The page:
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Healing hand

saeboflex

This assemblage of cables, springs and chains is a SaeboFlex device used in stroke rehabilitation. Photo by Rob Hill

Having a stroke in 2008 was a life-altering moment for Bruce Beard. His work restocking shelves at Lowe’s came to an abrupt end when he lost much of his ability to move the left side of his body. His left arm, when it moved at all, sometimes moved involuntarily. “It had a mind of its own,” Beard says. “We started calling it Kramer,” referring to the unpredictable character on Seinfeld.

Now Giulianne Krug, MA ’03, assistant professor of occupational therapy in the School of Health Professions, is the only therapist within a hundred miles using a promising new therapeutic device called SaeboFlex, which may help speed recovery from strokes.

The device straps to the hand and forearm and uses springs to help patients open their hands, which oftentimes are clasped shut after a stroke. Without the Saebo, Beard is unable to pick up a 4-inch-diameter ball. But using the device, he makes steady progress grabbing balls and setting them in a crate.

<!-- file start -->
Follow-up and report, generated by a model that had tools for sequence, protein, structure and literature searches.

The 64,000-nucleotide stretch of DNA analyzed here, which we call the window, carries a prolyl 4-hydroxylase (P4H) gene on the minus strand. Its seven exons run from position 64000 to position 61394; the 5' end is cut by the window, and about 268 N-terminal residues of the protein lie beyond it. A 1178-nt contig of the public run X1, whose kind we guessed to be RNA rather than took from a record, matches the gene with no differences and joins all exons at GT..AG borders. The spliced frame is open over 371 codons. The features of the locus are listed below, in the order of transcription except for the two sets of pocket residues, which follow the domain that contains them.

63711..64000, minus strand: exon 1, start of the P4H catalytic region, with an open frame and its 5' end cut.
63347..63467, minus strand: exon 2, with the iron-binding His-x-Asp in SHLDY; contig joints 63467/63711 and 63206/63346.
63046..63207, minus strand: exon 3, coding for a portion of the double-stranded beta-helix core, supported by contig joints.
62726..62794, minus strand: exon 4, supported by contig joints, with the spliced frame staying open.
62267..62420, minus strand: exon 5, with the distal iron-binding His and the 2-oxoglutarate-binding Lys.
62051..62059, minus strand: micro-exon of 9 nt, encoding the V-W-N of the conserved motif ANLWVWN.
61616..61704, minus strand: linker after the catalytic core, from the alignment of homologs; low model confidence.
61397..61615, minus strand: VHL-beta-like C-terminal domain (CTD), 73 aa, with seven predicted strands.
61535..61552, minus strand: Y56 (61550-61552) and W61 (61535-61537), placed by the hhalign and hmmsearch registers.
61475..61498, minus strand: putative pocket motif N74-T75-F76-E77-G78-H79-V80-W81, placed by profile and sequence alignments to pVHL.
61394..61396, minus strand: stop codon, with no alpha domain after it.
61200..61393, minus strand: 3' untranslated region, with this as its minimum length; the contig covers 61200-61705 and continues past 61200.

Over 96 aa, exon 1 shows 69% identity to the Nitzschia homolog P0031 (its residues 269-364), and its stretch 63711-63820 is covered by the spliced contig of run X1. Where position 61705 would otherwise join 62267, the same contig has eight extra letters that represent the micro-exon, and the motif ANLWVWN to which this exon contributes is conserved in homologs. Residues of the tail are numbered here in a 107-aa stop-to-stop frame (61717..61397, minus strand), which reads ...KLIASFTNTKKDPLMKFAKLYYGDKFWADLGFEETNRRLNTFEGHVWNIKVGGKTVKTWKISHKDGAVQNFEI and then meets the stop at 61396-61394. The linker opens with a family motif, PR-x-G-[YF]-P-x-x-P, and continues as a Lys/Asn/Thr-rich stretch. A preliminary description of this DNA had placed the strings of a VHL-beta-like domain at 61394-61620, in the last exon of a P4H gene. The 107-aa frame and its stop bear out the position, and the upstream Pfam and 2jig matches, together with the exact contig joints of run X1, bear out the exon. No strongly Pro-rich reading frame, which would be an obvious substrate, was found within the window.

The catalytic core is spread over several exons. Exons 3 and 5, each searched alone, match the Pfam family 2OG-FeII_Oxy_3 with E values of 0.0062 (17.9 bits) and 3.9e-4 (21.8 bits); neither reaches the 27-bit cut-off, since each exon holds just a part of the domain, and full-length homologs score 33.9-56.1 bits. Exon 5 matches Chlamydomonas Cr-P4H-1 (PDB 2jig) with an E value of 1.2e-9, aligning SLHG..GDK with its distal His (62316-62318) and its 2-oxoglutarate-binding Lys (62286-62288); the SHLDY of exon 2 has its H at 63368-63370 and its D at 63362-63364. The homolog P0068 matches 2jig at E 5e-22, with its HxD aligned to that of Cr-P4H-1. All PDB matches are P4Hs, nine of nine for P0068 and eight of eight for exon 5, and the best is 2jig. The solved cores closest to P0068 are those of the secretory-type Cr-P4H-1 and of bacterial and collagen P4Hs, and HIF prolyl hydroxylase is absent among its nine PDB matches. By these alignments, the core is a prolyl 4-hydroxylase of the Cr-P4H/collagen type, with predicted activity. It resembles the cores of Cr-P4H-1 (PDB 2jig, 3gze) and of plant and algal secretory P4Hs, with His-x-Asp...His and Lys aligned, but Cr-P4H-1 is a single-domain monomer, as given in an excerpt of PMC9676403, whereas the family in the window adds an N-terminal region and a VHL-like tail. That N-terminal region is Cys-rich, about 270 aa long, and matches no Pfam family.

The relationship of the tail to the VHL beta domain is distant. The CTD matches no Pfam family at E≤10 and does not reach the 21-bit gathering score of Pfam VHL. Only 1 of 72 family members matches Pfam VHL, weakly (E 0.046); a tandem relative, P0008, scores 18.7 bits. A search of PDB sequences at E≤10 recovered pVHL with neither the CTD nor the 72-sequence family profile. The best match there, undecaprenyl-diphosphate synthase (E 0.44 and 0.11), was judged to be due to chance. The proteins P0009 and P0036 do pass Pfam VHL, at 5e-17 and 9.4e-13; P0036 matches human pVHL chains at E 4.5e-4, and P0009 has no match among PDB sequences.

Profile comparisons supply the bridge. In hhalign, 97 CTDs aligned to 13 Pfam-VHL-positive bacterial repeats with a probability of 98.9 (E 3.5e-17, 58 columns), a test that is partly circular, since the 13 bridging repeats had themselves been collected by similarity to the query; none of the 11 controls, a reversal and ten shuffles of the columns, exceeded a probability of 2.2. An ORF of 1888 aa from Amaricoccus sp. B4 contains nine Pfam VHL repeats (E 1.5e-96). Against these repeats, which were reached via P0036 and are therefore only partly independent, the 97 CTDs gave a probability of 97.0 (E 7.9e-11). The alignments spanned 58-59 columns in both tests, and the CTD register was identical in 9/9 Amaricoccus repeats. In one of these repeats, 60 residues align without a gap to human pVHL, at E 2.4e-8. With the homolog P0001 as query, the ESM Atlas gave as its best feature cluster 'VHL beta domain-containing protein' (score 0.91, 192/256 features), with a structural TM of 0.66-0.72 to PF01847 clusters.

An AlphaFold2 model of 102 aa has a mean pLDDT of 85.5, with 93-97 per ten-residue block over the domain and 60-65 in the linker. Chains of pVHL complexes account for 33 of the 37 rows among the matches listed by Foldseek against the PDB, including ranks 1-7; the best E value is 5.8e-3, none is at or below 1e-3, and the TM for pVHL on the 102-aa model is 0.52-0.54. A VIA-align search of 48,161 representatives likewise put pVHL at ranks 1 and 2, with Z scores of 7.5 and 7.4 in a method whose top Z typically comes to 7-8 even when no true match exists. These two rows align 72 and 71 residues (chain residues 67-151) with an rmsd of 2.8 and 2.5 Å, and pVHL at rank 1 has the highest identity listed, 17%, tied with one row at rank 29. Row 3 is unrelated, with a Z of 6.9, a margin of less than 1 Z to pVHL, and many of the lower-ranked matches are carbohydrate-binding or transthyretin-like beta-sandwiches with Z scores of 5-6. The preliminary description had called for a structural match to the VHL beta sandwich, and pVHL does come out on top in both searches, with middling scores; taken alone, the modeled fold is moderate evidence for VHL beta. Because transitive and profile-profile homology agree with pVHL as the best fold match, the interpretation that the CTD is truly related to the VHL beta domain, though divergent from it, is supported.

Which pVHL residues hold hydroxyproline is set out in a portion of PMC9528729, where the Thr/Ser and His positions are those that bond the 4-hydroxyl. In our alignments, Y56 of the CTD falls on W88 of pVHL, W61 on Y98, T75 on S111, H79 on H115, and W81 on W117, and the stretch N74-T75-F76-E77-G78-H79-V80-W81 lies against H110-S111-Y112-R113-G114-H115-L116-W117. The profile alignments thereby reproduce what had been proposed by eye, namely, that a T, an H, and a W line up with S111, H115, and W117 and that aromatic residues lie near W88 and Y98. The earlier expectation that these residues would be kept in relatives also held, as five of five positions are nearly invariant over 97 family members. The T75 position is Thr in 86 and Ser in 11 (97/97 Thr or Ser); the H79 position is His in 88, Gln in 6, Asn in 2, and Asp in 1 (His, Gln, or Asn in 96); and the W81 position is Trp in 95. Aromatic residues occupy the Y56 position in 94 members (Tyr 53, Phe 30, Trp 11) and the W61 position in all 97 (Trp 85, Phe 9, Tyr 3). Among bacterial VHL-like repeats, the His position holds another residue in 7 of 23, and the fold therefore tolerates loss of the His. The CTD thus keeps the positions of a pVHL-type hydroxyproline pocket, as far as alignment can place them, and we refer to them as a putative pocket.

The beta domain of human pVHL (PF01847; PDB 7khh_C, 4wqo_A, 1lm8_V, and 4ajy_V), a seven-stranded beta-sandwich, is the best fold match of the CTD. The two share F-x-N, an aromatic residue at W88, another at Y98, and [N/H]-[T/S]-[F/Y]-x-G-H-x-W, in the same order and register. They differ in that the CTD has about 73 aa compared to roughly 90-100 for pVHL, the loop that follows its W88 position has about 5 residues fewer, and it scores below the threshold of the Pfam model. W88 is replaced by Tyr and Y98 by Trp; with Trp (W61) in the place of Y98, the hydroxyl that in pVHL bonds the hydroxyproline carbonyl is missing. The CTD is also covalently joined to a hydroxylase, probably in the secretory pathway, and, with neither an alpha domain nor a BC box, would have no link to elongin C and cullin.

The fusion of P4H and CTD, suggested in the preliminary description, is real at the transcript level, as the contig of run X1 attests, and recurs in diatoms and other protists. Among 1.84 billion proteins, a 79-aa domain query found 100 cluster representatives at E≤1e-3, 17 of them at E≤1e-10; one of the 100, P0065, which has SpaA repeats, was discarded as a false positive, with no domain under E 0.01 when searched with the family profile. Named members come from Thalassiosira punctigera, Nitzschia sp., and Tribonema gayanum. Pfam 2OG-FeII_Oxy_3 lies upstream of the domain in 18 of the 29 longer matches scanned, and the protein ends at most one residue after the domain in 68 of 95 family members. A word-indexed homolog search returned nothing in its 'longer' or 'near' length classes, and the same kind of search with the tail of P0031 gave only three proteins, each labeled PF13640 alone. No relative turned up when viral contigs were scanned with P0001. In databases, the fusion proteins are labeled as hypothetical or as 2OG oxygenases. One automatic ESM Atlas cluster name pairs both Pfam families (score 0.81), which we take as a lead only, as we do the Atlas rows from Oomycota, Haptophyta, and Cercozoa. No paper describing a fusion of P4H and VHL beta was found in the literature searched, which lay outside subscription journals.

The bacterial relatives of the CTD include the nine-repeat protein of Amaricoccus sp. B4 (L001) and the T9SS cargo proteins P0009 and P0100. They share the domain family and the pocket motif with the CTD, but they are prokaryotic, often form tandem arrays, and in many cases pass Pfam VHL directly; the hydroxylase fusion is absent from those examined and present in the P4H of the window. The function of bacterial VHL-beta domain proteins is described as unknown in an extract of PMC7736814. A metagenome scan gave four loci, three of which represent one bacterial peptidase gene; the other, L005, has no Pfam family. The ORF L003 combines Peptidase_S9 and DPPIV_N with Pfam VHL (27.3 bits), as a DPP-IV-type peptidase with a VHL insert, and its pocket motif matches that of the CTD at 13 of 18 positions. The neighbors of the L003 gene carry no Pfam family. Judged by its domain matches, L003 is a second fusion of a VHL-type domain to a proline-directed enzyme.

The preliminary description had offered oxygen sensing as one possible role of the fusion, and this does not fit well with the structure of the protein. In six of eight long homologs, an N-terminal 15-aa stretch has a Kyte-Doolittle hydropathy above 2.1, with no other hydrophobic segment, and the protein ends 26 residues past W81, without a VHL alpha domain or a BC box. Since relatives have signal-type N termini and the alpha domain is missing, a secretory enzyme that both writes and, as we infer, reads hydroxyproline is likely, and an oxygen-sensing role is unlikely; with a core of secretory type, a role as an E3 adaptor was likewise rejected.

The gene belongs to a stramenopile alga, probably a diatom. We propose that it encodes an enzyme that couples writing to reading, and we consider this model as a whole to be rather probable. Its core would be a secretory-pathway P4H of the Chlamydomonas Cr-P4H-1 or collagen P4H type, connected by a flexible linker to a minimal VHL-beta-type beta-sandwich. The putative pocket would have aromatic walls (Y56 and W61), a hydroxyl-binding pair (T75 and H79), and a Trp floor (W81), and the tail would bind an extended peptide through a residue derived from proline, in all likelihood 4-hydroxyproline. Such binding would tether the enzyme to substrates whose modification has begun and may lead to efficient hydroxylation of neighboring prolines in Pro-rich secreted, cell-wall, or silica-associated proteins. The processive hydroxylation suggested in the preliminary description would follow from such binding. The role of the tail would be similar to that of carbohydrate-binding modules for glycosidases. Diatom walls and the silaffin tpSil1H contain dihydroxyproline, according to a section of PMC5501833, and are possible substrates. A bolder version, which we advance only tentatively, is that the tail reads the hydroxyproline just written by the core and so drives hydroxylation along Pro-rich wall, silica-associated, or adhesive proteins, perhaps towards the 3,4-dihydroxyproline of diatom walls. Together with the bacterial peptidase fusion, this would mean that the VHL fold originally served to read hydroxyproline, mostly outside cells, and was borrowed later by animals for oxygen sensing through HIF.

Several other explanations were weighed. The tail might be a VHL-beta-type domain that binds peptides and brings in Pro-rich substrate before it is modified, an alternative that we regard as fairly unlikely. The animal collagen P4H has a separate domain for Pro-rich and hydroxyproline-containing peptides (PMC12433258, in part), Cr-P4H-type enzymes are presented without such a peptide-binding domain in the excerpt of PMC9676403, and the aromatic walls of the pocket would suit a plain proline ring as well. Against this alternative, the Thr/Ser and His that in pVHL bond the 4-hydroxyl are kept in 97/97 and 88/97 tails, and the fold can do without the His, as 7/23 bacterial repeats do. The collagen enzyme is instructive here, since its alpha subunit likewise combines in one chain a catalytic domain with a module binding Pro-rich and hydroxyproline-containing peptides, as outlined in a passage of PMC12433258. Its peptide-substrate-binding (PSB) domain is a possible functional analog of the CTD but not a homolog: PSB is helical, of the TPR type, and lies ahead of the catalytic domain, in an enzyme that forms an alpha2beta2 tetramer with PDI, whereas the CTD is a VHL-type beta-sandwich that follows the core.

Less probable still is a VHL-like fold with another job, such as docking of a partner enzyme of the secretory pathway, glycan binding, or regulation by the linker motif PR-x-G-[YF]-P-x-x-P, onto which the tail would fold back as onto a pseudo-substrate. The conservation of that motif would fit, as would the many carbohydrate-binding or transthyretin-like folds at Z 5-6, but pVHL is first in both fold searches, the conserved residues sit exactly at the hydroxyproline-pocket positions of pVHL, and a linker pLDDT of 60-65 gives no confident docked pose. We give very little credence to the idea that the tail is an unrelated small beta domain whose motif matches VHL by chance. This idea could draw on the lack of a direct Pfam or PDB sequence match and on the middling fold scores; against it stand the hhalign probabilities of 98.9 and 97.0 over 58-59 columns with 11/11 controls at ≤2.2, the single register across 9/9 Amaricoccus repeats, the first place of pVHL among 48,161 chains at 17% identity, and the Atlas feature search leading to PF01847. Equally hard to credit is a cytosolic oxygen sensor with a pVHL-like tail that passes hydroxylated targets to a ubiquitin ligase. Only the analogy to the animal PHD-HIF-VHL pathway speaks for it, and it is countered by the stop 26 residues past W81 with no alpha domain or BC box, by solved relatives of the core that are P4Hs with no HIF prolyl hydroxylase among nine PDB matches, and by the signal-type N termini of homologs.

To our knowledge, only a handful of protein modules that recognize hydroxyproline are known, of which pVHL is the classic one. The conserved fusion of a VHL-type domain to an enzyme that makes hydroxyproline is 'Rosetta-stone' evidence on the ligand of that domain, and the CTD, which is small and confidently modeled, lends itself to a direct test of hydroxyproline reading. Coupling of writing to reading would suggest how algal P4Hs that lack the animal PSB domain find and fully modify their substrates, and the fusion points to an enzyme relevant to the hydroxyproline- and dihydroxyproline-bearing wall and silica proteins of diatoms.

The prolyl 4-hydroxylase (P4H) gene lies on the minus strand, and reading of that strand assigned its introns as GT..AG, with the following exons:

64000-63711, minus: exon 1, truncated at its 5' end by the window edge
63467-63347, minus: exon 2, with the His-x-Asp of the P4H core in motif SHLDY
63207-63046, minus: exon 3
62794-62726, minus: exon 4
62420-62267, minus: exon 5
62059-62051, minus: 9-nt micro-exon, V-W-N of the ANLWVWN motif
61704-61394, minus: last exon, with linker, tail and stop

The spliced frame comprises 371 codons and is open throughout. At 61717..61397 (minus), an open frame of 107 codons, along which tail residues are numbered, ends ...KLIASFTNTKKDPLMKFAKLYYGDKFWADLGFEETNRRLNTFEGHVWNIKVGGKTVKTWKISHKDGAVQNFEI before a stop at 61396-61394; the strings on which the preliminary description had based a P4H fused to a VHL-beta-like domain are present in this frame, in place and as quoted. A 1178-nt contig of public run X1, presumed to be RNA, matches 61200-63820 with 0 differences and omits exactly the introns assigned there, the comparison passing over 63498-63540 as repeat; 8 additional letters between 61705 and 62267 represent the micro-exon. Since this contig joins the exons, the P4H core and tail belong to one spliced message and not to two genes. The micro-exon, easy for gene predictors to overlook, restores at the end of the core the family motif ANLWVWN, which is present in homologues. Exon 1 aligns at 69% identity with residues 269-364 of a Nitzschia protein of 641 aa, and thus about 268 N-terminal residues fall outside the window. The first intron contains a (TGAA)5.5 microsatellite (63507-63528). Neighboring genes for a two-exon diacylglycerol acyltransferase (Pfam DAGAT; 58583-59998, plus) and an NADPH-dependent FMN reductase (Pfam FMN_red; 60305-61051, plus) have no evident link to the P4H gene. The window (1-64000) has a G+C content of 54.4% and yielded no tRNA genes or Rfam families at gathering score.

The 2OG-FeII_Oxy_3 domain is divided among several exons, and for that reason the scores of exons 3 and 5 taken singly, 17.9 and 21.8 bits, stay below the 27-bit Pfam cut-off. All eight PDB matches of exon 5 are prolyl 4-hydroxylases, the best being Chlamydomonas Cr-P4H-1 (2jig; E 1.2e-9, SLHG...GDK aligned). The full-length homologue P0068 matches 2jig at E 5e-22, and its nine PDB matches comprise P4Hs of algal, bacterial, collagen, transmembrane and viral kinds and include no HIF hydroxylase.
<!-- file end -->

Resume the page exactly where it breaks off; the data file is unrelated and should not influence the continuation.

The seemingly simple act of opening the hand opens several channels for healing, Krug says. For starters, the hand works more normally and allows patients to practice manual skills 90 minutes or more a day. “The more repetitions they perform, the more readily the brain will create new pathways, and the more function they will recover,” Krug says.

But the hand is just part of the picture. By using the digits, patients also stimulate the elbow, shoulder and even legs as they move about. Krug says Saebo may become a standard tool in stroke rehab, as data accumulate on its effectiveness. “This is the most exciting thing in stroke rehabilitation to come along in a long time,” she says.